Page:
Fight the fear of getting older, live life with a purpose
Each day in my email, I receive Merriam-Webster’s “Word of the Day.” I credit it for my ever-growing vocabulary. Recently, a word came across my desk, catching my eye: FOGO. It’s not really a word, it is an acronym or as Merriam-Webster defines: a word formed from the initial letter of each of the successive parts of a compound term. In other words, each letter stands for a distinct word. FOGO is made up of the first letter of four words that together convey a unique meaning, FOGO—fear of getting older.
FOGO is widespread. Along with aging, comes a fair amount of misunderstandings, falsehoods, and fallacies about growing older, often paralyzing aging people. Author on aging topics and Psychology Today blogger Meg Selig has written about FOGO. The
seventy-eight -year-old points out three amazing facts, dispelling myths about getting older:
Older people tend to be happier people. From age 51 upward, she writes from her research, happiness levels begin to increase. If that’s the case, I should be delirious.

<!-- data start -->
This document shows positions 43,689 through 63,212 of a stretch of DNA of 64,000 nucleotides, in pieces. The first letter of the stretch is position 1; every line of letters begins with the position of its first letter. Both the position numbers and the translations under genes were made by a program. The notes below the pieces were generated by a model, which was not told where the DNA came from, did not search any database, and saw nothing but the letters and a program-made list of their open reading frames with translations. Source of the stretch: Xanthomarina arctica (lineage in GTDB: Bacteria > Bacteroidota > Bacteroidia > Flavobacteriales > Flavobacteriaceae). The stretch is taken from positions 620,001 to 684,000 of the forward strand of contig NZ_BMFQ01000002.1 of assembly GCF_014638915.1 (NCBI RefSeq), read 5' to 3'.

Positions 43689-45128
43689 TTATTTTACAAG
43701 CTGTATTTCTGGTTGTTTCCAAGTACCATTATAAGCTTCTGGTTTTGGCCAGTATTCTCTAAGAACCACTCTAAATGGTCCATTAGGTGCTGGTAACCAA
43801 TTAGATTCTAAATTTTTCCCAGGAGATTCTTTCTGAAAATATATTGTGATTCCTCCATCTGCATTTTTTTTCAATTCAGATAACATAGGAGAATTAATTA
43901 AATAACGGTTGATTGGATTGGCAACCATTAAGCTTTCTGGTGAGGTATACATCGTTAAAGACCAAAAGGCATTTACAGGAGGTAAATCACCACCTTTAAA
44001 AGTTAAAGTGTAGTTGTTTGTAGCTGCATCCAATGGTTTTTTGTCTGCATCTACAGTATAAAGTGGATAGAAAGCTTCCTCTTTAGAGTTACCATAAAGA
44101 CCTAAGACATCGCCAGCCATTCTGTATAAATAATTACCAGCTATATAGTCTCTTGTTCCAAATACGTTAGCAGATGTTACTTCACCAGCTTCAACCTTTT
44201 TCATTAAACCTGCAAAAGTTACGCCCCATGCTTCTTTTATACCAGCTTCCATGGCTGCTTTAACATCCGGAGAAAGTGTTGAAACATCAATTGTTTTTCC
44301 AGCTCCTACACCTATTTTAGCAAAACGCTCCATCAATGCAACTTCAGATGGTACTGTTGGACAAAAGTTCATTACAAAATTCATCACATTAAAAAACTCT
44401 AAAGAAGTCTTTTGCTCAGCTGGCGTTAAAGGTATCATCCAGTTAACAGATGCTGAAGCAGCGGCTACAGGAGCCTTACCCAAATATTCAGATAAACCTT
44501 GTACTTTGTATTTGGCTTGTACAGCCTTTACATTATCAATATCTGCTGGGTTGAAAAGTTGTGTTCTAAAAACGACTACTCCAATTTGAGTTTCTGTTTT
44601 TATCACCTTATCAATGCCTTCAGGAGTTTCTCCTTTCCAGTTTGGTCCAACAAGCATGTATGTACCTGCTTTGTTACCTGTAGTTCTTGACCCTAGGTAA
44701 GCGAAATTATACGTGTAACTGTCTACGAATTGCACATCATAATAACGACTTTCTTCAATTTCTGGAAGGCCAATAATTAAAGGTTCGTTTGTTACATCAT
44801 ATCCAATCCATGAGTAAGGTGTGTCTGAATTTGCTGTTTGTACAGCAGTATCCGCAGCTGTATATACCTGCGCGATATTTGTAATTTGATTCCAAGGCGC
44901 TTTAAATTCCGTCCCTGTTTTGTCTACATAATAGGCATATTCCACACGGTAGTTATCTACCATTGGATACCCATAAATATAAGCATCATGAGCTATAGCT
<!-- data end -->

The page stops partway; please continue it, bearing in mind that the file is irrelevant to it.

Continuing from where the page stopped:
Older people tend to be healthier people. Most older people rate their health as either good or excellent because they can still do the things that matter to them.
Older people are mentally healthier. Older people have lower rates of nearly all mental problems, including depression and social anxiety, as noted in the book, A Long Bright Future, by longevity and aging expert Laura Carstensen.
There’s another fear I won’t talk about and that is FOLO. You’ve probably never heard of that one—I just made it up: FOLO—fear of
LOOKING older. I’m not going to touch that one. But it is important to grow older with grace and healthy aging.
In fact, I want to encourage those of you of a certain age—and you will know if I’m talking about you—to have a “Plan for Healthy Aging.” Ask yourself, “What can I do to make life better today?” Too many people go to their graves with their music still inside them,